The American Institute of CPAs’ Financial Reporting Executive Committee, also known as FinREC, has posted a pair of working drafts on how accountants can deal with two issues related to the Current Expected Credit Loss standard that will be taking effect at the end of next year.

FinREC issued drafts of two issue papers on Zero Expected Credit Losses and the Reversion Method: Estimation vs. Accounting Policy and is asking for comments on them.

The Financial Accounting Standards Board’s CECL standard will change how financial institutions account for expected credit losses on items such as impaired loans and could be the most significant accounting change for financial institutions in decades. It affects the allowance for credit loss reserves and requires more forward-looking information to be considered when developing an estimate for them. The working drafts discuss some of the considerations for depository and lending institutions, along with insurance companies.

The standard takes effect for public companies in December 2019 and for private companies a year later. It will mostly affect the financial statements of banks, credit unions and other financial institutions that offer credit and loans, but it can also have an impact on other types of companies that deal with them. FASB’s model of how to account for expected credit losses under U.S. GAAP differs in some ways from the International Accounting Standards Board’s version of the financial instruments standard for International Financial Reporting Standards despite years of work on converging the two sets of standards.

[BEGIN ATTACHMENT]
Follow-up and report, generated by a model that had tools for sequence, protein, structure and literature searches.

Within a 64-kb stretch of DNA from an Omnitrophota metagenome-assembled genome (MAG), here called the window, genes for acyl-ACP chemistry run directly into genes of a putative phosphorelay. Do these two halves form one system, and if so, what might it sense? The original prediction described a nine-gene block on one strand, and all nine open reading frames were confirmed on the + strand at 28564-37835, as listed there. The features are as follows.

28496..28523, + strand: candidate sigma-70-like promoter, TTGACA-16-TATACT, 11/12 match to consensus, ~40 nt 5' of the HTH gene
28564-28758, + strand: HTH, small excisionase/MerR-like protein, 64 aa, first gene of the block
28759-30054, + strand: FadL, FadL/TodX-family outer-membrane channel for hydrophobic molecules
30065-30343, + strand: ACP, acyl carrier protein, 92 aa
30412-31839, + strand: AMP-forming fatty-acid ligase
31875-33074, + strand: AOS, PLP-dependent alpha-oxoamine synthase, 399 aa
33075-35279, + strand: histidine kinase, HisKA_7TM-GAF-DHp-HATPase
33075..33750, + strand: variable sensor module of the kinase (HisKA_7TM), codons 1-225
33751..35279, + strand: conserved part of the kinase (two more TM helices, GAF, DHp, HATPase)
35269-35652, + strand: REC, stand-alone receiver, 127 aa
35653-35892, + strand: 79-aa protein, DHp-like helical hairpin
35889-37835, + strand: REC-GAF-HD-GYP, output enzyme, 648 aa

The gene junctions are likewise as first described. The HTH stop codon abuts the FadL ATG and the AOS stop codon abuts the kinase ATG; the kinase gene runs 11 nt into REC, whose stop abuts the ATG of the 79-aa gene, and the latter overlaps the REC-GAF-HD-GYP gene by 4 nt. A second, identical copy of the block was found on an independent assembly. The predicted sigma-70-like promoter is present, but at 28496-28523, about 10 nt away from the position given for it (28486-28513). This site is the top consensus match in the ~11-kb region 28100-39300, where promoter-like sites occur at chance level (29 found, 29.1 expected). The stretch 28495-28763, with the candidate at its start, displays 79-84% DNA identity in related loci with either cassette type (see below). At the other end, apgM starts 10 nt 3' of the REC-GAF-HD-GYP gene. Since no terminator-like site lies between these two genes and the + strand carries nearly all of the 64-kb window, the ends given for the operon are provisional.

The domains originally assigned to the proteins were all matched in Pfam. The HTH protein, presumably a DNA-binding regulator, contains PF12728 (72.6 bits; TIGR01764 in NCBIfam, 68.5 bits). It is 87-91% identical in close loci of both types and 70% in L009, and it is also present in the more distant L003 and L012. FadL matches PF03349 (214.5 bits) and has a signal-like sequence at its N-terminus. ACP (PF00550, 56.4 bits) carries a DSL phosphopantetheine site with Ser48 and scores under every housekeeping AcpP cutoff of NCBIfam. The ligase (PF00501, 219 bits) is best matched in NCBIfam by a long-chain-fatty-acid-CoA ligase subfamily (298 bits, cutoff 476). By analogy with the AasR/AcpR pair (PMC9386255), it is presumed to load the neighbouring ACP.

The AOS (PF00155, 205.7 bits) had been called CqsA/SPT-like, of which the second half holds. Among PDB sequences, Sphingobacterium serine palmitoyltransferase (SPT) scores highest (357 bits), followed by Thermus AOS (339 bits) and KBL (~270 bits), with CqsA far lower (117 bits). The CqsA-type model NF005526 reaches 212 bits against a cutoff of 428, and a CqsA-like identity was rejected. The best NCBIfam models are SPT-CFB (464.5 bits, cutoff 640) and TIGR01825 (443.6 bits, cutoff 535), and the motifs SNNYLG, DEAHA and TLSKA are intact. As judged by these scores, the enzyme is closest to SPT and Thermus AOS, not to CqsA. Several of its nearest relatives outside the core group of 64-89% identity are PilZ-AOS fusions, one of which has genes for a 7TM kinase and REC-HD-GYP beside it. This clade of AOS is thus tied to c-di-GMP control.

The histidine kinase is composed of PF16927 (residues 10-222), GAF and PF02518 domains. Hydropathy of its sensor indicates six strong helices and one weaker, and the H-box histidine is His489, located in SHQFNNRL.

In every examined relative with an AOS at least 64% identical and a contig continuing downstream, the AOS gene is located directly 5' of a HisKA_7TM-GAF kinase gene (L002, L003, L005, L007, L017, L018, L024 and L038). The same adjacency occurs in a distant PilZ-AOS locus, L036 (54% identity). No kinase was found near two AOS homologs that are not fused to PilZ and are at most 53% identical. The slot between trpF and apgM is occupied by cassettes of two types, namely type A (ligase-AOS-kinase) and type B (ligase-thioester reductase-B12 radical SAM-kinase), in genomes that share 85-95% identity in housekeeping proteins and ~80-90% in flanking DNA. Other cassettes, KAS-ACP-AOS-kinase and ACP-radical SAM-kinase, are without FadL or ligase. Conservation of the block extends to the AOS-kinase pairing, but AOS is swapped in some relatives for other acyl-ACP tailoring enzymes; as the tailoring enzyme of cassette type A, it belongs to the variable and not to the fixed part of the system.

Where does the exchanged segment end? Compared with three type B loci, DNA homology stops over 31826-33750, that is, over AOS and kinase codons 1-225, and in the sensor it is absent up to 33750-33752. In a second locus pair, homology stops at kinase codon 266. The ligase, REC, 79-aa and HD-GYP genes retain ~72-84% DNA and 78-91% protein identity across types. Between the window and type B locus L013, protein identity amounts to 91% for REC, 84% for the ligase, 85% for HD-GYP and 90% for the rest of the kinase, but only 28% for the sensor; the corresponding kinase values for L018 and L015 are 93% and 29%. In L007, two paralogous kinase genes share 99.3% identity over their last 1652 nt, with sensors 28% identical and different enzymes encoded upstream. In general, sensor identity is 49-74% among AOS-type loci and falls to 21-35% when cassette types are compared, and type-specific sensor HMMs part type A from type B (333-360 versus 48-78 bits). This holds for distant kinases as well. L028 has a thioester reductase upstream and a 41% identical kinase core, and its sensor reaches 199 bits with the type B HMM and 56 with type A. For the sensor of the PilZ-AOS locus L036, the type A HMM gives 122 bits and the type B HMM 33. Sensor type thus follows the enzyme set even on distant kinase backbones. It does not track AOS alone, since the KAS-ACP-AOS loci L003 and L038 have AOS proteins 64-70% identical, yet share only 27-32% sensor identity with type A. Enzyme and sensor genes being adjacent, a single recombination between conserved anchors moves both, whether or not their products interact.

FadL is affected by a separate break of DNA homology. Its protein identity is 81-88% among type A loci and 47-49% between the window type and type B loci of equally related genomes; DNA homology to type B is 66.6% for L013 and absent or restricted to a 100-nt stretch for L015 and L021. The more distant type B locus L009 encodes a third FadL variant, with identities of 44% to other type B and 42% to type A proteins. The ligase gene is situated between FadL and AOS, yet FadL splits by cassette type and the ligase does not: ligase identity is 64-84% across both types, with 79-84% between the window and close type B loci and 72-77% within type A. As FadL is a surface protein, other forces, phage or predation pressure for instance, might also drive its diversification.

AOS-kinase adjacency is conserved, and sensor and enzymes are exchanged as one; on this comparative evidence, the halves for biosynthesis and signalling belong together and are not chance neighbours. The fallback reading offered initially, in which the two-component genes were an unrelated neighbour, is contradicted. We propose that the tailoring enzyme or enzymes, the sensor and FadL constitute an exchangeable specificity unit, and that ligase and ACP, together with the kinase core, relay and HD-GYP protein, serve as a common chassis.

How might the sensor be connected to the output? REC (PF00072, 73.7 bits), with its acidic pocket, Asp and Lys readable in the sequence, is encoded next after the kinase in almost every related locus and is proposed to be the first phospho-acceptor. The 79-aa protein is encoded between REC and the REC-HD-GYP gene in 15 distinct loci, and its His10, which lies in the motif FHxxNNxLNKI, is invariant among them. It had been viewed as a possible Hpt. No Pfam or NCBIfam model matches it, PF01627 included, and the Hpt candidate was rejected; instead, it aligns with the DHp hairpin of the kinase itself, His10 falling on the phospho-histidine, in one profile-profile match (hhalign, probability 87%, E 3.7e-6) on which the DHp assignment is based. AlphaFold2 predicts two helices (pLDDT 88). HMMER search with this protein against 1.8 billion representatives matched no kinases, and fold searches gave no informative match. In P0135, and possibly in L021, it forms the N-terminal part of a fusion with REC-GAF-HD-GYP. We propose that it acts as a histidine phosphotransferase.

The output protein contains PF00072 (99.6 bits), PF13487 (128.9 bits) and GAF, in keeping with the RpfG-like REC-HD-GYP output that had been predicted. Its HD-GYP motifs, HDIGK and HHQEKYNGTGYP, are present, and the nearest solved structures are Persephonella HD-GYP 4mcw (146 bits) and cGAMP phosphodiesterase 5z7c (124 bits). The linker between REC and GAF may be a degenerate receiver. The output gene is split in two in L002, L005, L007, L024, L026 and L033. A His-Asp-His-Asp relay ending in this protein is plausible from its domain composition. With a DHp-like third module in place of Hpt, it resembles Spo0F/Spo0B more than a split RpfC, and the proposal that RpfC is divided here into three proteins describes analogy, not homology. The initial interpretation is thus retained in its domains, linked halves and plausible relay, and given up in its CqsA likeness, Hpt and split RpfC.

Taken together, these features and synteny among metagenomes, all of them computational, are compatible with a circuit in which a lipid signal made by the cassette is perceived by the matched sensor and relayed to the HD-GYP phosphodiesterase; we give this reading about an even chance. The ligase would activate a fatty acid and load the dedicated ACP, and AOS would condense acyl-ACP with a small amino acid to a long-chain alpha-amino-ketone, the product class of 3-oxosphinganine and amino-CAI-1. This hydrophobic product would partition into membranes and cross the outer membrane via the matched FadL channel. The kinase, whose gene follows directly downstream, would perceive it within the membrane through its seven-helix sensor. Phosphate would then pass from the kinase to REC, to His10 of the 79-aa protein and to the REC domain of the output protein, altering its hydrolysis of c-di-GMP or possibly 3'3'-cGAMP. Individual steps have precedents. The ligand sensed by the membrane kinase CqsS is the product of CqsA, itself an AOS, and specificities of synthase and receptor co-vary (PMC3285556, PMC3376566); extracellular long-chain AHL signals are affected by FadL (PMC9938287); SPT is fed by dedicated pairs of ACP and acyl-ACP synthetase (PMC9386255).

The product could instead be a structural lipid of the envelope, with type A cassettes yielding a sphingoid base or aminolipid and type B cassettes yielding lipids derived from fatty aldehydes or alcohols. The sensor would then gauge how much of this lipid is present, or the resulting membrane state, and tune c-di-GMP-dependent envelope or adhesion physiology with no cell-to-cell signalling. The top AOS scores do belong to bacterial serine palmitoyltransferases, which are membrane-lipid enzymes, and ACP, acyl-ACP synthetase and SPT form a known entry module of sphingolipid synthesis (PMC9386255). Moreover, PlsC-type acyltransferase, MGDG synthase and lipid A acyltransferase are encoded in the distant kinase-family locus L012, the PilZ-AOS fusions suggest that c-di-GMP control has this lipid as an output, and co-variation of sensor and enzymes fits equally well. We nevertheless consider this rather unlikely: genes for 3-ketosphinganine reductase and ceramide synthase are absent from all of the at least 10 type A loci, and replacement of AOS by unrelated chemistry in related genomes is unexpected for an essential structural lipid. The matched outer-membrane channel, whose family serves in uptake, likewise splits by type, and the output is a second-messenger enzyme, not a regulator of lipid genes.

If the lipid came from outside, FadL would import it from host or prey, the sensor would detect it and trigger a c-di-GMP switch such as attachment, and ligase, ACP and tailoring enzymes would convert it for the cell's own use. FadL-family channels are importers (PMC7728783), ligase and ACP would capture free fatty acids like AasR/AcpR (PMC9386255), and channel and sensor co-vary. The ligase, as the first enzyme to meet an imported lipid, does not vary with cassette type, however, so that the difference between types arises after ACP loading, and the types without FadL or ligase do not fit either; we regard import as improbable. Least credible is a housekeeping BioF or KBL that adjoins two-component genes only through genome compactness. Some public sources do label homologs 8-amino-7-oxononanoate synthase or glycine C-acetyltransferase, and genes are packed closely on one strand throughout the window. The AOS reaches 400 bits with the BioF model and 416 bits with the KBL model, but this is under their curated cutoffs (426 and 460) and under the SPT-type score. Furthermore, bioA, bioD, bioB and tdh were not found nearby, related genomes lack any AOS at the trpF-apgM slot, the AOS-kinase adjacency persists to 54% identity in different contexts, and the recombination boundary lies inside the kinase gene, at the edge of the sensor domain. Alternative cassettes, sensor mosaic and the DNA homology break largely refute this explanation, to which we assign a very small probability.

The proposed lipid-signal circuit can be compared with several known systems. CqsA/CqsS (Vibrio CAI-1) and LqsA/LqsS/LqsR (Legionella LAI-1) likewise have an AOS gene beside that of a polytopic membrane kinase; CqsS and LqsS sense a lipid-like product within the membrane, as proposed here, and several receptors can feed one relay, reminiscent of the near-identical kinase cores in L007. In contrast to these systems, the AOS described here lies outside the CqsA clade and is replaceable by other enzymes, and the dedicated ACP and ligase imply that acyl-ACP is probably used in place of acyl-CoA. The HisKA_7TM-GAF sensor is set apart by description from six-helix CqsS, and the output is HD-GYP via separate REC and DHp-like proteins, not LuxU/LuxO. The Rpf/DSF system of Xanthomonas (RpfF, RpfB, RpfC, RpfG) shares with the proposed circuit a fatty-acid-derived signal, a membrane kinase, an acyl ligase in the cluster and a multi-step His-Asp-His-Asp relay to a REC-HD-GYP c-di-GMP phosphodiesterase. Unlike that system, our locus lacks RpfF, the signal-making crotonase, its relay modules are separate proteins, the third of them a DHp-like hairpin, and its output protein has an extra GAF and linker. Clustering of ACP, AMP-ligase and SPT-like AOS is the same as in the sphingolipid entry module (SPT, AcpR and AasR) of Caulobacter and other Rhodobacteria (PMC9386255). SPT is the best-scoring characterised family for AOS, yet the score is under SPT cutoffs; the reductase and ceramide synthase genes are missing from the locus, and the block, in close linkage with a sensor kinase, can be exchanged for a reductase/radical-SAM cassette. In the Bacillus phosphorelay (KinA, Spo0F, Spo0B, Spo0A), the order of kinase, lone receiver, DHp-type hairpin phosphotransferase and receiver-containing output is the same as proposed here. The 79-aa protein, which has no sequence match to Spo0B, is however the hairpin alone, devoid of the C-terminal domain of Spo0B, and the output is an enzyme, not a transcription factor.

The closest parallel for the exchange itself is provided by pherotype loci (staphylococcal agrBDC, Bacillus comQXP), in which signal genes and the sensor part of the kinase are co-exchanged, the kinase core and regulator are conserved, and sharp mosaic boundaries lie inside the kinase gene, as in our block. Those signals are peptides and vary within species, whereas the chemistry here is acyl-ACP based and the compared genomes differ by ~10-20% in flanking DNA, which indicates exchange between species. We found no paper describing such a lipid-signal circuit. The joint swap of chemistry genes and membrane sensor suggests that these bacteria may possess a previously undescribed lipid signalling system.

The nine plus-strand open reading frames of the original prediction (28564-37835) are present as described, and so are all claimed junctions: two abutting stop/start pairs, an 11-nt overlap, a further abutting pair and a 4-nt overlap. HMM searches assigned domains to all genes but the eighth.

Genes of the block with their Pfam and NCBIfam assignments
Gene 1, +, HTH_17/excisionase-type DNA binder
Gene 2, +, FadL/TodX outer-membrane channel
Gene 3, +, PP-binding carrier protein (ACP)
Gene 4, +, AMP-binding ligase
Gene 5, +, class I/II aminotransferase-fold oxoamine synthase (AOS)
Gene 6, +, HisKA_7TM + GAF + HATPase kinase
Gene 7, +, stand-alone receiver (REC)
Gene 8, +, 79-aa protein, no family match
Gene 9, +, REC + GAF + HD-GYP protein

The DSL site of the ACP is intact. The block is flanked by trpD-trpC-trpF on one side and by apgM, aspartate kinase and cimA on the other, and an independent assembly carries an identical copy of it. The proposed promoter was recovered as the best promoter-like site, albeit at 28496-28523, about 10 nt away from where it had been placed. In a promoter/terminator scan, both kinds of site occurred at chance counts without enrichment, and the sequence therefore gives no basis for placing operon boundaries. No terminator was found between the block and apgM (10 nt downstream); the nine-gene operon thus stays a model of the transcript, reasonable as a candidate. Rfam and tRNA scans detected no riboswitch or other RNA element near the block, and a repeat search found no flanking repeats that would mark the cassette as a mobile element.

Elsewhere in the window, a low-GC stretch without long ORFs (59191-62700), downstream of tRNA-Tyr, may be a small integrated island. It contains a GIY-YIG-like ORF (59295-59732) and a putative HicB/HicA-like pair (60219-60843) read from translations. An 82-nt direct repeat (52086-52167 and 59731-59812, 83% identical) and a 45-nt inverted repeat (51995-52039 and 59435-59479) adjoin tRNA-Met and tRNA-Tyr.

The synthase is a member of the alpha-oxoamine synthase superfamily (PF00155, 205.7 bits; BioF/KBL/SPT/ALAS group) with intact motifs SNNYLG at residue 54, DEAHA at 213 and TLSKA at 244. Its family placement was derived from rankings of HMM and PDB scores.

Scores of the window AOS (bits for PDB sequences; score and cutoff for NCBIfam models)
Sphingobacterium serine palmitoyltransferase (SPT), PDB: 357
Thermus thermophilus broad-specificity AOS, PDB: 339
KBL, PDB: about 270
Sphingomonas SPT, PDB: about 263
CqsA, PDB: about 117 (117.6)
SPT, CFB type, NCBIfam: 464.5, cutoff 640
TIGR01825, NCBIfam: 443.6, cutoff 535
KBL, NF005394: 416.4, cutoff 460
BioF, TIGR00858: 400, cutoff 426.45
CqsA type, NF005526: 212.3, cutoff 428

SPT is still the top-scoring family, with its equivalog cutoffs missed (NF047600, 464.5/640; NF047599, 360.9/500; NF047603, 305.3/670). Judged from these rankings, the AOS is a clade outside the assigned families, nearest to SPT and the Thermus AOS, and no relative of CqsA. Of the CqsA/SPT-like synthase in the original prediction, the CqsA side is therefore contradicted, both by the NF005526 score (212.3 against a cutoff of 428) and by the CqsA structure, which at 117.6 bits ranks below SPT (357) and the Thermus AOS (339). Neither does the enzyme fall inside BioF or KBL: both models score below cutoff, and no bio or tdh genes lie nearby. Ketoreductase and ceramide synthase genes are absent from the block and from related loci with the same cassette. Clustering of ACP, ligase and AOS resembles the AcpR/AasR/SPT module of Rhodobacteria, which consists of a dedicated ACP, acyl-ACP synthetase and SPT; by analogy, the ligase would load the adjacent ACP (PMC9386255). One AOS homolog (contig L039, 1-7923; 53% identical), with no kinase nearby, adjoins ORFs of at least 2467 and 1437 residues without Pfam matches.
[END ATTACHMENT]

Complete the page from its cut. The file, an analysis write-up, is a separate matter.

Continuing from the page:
The AICPA guidance deals with FASB’s version of the standard. The document on zero expected credit losses notes that FASB’s standard says that no measure of expected credit losses is required for a financial asset or group of financial assets if the historical credit loss information, adjusted for current conditions and reasonable and supportable forecasts, results in an expectation of nonpayment of the amortized cost basis of zero.

The document on the reversion method points out that the CECL standard says an entity can revert to historical loss information after the forecast period at the input level or based on the entire estimate. It can do that using either immediate reversion, a straight-line basis, or another rational, systematic basis. However, questions have come up about how an entity should distinguish between an accounting policy election, an estimation technique or an accounting policy election that’s inseparable from an estimation technique as it evaluates its selection.

Feedback on the working drafts should be submitted to FinREC by Oct. 10, 2018. The final issues will be included in a new AICPA Allowance for Credit Losses A&A Guide (with a focus on lending institutions and insurance companies). The AICPA used a similar process in producing an implementation guide for various industry issues arising from the revenue recognition standard.

CECL accounting standard impact on loan impairments
Michael Cohn

Michael Cohn

Michael Cohn, editor-in-chief of AccountingToday.com, has been covering business and technology for a variety of publications since 1985.